The Origin of Partially Molten Domains in the Lowermost Mantle through Coupled Seismic-Geodynamic Modeling

Theme: Solid Earth Dynamics

Primary Supervisor:

Maxim Ballmer

Earth Sciences, UCL

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Project Description:

The geophysical structure of the lower mantle may inform about Earth’s long-term evolution and dynamics. Among the most extreme geophysical anomalies in the lowermost mantle are the Ultra-Low Velocity Zones (ULVZ), small patches of rock at the core-mantle boundary (CMB), through which seismic waves travel much more slowly than through the ambient mantle. The properties of ULVZs indicate the presence of partial melt and/or iron-enriched rock, even though their specific composition remains elusive. The ULVZs have been interpreted as the remnants of the magma ocean, or alternatively, as resulting from present-day melting of chemical heterogeneity at the hot CMB. An ancient origin of ULVZ is corroborated by geochemical data, which points to the preservation of short-lived radionuclides and their daughter products in the largest ULVZs on Earth. ULVZs have been moreover identified as sites of potential core-mantle chemical interaction.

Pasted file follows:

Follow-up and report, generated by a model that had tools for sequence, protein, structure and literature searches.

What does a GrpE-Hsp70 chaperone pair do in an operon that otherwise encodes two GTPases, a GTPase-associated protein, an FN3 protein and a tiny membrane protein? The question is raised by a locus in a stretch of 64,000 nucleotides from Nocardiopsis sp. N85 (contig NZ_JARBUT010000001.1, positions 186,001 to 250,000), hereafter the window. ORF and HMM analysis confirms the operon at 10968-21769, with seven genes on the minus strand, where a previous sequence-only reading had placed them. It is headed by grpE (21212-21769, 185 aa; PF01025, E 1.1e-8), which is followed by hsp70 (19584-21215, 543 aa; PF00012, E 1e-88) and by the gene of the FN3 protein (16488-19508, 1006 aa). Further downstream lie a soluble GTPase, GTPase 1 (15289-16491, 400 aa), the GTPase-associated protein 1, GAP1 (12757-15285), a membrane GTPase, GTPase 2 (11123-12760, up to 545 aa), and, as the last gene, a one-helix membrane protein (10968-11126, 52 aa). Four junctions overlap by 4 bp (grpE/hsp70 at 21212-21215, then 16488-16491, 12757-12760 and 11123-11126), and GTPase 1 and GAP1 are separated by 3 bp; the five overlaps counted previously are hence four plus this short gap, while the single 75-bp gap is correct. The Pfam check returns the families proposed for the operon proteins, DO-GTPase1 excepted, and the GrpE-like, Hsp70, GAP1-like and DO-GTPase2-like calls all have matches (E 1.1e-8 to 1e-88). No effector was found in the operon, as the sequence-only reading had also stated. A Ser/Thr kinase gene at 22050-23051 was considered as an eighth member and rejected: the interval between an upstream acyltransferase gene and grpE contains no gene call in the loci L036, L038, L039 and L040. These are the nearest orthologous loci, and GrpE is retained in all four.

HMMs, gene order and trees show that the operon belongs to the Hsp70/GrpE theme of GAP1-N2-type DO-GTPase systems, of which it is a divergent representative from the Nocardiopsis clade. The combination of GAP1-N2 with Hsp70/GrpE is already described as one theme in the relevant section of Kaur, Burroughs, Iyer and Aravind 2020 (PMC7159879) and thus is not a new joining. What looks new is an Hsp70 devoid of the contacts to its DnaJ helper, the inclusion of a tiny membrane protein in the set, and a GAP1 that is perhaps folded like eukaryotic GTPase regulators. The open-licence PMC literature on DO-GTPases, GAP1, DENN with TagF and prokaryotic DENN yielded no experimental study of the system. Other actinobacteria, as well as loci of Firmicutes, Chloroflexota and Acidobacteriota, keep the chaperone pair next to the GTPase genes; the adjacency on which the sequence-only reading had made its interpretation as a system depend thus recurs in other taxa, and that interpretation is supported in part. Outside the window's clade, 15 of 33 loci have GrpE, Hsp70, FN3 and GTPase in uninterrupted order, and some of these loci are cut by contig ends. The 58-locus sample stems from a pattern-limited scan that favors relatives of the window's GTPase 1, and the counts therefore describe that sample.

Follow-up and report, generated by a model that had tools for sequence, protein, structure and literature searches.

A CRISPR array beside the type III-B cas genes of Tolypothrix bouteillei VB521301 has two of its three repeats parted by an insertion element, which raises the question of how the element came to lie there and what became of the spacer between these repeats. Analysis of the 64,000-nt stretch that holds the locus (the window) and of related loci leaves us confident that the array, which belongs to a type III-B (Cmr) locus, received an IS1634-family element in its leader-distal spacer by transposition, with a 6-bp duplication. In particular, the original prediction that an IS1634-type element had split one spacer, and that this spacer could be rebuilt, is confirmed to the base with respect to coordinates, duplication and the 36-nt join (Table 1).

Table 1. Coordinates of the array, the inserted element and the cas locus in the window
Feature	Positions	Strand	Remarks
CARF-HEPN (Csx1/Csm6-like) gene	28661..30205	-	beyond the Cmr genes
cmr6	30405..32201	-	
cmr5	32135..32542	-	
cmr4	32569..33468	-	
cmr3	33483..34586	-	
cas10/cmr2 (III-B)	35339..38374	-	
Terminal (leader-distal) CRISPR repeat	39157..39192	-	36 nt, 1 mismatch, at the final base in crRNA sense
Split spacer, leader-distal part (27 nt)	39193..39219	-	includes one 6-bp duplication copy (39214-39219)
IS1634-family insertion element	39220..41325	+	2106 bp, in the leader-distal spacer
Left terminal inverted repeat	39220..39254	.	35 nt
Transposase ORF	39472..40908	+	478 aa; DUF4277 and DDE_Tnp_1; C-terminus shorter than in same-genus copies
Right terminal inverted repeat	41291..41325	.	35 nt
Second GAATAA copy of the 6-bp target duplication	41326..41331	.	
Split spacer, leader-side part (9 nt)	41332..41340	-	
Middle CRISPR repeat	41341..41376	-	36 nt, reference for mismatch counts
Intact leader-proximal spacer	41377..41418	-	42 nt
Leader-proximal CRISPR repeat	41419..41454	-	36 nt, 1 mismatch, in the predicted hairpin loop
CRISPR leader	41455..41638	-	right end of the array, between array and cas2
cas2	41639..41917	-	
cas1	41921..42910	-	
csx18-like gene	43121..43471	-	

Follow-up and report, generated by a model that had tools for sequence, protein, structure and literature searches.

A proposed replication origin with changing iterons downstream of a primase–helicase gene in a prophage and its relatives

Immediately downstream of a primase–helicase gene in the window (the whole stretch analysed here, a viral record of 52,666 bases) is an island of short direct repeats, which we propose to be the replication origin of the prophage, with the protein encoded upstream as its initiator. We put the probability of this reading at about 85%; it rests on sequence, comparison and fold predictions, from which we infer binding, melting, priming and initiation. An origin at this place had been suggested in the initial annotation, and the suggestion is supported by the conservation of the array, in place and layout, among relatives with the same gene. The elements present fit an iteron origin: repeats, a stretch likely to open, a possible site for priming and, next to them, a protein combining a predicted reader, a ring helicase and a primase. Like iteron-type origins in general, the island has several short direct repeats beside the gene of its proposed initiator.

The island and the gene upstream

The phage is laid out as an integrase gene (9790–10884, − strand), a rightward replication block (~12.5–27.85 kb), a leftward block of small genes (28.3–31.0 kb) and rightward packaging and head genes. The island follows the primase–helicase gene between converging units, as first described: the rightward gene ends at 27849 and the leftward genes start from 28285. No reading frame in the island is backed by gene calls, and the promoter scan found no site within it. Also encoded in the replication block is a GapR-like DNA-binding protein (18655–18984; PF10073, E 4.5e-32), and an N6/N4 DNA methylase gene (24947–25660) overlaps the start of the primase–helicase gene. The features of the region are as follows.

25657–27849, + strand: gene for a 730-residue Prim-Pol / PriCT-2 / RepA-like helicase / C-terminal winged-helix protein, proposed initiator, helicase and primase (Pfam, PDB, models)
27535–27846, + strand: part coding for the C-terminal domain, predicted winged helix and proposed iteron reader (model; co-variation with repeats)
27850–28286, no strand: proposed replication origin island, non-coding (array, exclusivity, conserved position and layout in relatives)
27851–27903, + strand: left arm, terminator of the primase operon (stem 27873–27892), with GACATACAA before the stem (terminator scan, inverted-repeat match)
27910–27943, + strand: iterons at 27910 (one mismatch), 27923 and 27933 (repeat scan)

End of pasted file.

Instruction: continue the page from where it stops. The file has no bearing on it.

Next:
To further explore the compositional nature and origin of ULVZs, we will run 2D regional models of two-phase flow in the lowermost mantle that are coupled with a thermodynamic model for melting and crystallization. In contrast to previous work, we will account for compositional heterogeneity and melt-rock reaction. To test these predictions of coupled geodynamic-thermodynamic models, we will explore wave propagation through synthetic velocity structures that are computed from a mineral-physics database, and compare the results to seismic data. Better constraints on the composition and geometry of ULVZs will improve our understanding of chemical interaction near/across the CMB, lowermost-mantle thermochemical structure and long-term thermal evolution of our planet.

Policy Impact of Research:

Studies of the coupled evolution of the Earth’s mantle and atmosphere/hydrosphere contributes to our understanding of long-term habitability of our planet. Thereby, this work can make indirect contributions towards understanding global scale volatile cycles, and even the Earth’s climate system.

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